Provides students the opportunity to develop the skills needed to train husbandry behaviors through hands-on work with animals at the teaching zoo. Allows students to practice training animals in protected contact settings.
Presents advanced techniques of animal training and studio animal training. Includes problem solving, career issues, complex training, and animal behavior management.
Provides hands-on experience in the training of animals. Requires students to develop training plans and work cooperatively with co-trainers, addressing training problems as necessary.
Provides the student with a basic understanding of the science of veterinary medicine and veterinary care. Introduces common diseases and methods of diagnosis and treatment with an emphasis on husbandry procedures and disease prevention.
Provides students with basic veterinary care experiences. Introduces methods of diagnosis and treatment to assist veterinary personnel with procedures in basic veterinary care.
Continues the development of the student's basic understanding of the science of veterinary medicine and veterinary care. Provides the student with an understanding of common diseases and methods of diagnosis and treatment with an emphasis on husbandry procedures and disease prevention.
Provides a basic introduction to the anatomy, physiology, husbandry, and emergency first aid of birds, reptiles and amphibians. Identifies how to find a veterinarian specializing in these species.
Introduces primate behavior and its application to successful handling and training of nonhuman primates. Includes comparison of new and old world primates and discussion of state and federal laws governing the care of primates.
Focuses on observation and analysis of primate behavior at America's Teaching Zoo. Includes the application and evaluation of operant conditioning and environmental enrichment techniques specific to nonhuman primates.
Introduces the ethical issues involving animal ownership and use in research, education, food production, exhibition, entertainment and animals as companions. Examines major animal rights groups, the legal issues relating to animal care and treatment, and local to international regulatory agencies involved.
Provides students a short-term experience in zoo keeping at the Los Angeles Zoo. Builds skills related to day-to-day interaction with a variety of species.
Continues zoo keeping training at the Los Angeles Zoo. Develops skills and protocols to enhance public and animal safety. Continues to build skills related to day-to-day interactions with various zoo species.
Provides résumé and cover letter writing information and practice for specific animal-related careers. Focuses on the various styles as well as résumés in electronic format. Develops written personal résumés and cover letters using different formats.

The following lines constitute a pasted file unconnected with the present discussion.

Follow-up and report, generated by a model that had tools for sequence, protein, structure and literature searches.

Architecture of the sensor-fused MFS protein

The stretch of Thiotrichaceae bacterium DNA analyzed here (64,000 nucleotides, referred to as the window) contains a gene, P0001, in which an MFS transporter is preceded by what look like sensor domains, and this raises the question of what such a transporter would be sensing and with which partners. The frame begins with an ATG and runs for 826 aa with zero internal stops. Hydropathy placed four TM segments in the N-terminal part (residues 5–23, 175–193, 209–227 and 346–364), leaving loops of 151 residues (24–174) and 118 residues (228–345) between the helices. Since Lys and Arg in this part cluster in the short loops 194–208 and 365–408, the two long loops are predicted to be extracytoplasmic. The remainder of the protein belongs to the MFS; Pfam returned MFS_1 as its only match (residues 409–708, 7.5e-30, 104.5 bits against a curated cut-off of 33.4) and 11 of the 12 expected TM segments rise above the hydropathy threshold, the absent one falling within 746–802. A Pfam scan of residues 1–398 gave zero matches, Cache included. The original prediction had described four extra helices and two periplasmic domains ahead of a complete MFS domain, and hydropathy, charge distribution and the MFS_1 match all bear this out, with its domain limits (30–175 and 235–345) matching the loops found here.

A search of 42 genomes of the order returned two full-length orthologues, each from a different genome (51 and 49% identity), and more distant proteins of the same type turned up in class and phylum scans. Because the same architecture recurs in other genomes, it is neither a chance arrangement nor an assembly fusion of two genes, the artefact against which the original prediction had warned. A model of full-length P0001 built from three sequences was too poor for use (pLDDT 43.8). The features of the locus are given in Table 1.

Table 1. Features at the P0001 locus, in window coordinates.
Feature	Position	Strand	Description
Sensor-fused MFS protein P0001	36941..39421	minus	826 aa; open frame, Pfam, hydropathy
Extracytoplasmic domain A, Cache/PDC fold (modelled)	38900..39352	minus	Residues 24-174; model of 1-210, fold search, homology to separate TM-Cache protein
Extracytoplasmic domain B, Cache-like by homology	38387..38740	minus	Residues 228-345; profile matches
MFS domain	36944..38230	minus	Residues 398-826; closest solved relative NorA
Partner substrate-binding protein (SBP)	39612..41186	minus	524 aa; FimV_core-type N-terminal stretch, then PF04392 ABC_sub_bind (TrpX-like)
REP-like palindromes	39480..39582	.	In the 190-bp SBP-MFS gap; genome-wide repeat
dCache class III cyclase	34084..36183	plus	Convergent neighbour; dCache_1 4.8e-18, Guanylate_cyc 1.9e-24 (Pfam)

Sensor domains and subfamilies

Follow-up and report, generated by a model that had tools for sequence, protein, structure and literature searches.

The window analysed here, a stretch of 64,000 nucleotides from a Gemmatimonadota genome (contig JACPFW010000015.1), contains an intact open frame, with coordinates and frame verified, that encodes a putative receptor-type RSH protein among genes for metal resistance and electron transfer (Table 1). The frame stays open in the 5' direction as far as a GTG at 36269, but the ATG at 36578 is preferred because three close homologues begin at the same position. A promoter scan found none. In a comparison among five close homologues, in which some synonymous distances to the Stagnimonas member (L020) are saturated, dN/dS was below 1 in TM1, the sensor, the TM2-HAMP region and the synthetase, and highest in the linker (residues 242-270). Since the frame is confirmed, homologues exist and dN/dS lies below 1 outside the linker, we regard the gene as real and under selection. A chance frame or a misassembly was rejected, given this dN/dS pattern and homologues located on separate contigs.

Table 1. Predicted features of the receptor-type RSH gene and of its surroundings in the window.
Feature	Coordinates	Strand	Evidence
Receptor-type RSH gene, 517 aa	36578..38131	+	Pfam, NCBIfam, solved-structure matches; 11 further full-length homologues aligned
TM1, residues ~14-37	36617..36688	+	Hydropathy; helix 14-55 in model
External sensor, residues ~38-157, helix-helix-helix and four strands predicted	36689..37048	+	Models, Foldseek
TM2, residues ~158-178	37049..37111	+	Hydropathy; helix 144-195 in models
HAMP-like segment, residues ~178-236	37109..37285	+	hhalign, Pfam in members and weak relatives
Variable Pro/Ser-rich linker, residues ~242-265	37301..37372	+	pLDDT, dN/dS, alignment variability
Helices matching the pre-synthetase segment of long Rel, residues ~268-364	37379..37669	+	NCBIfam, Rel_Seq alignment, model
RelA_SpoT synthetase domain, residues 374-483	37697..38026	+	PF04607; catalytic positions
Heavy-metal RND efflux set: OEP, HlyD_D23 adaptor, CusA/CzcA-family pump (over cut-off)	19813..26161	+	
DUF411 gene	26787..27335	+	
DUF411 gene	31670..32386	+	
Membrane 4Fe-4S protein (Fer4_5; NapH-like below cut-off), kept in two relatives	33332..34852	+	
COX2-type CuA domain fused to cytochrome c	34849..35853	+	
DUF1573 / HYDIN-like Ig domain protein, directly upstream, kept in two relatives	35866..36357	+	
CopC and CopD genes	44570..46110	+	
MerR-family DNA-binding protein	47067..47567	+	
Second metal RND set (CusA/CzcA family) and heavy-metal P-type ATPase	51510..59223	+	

Provides job interviewing information and practice for animal-related careers. Includes current interviewing styles, sample questions, legal parameters, and appropriate dress, demeanor, and responses.
Provides on-the-job learning to develop effective work habits, attitudes, and career awareness in paid or unpaid internships that are related to the discipline. Involves the development and documentation of learning objectives and the completion of an internship paper, presentation, or project. Includes both workplace supervisor and faculty adviser feedback and/or written evaluations.
Allows independent study for students who wish to extend their knowledge of a particular area of Exotic Animal Training Management through research and study. Utilizes an approved independent project. Includes one-on-one work with instructor. Interested students should contact an Exotic Animal Training Management instructor for assistance in developing a contract for learning about a specific topic. Interested students should contact a EATM instructor for assistance in developing a contract for learning about a specific topic.
Registered Veterinary Technology Courses
Directs student exploration of veterinary medicine as a career choice, including education, job tasks, and employment options. Includes discussions of Moorpark College's veterinary science program and the Exotic Animal Training and Management Program. Introduces the study of veterinary medical terminology.
Surveys the principles of animal science and the interrelationships of animals and mankind. Introduces basic principles of animal biology, including genetics, anatomy, reproduction, nutrition, animal health and disease, veterinary care, animal rights, animal welfare, animal behavior, breeds, feeding, and management strategies. Discusses broad perspective of livestock management and develops the critical thinking skills required to make humane, fact-based decisions in livestock production. Compares and contrasts various species of livestock, including beef cattle, dairy cattle, sheep, goats, swine, horses, poultry, llamas, rabbits and ostriches.
Provides registered veterinary science students both theoretical and hands-on learning in the care of domestic animals. Emphasizes sanitation, housing, nutrition, restraint, and environmental enrichment for livestock, lab, exotic and companion animals.
Provides hands-on clinical experience under the supervision of an on-site veterinary professional for students enrolled in the Registered Veterinary Technology program. Includes training to complete a tier-based set of skills in a diversified animal veterinary experience.
Introduces the concepts in the veterinary nursing of small animals. Highlights the representative diseases for each body system with an emphasis on the Registered Veterinary Technician's (RVT's) role in caring for patients with these diseases. Addresses the wellness protocols for dogs and cats with an emphasis on vaccine programs.
Introduces students to specific skills involved with small animal nursing and provides opportunities to practice these skills under direct supervision in a veterinary care setting. Includes the techniques of administering vaccinations, performing injections, carrying out diagnostic tests, and obtaining laboratory samples.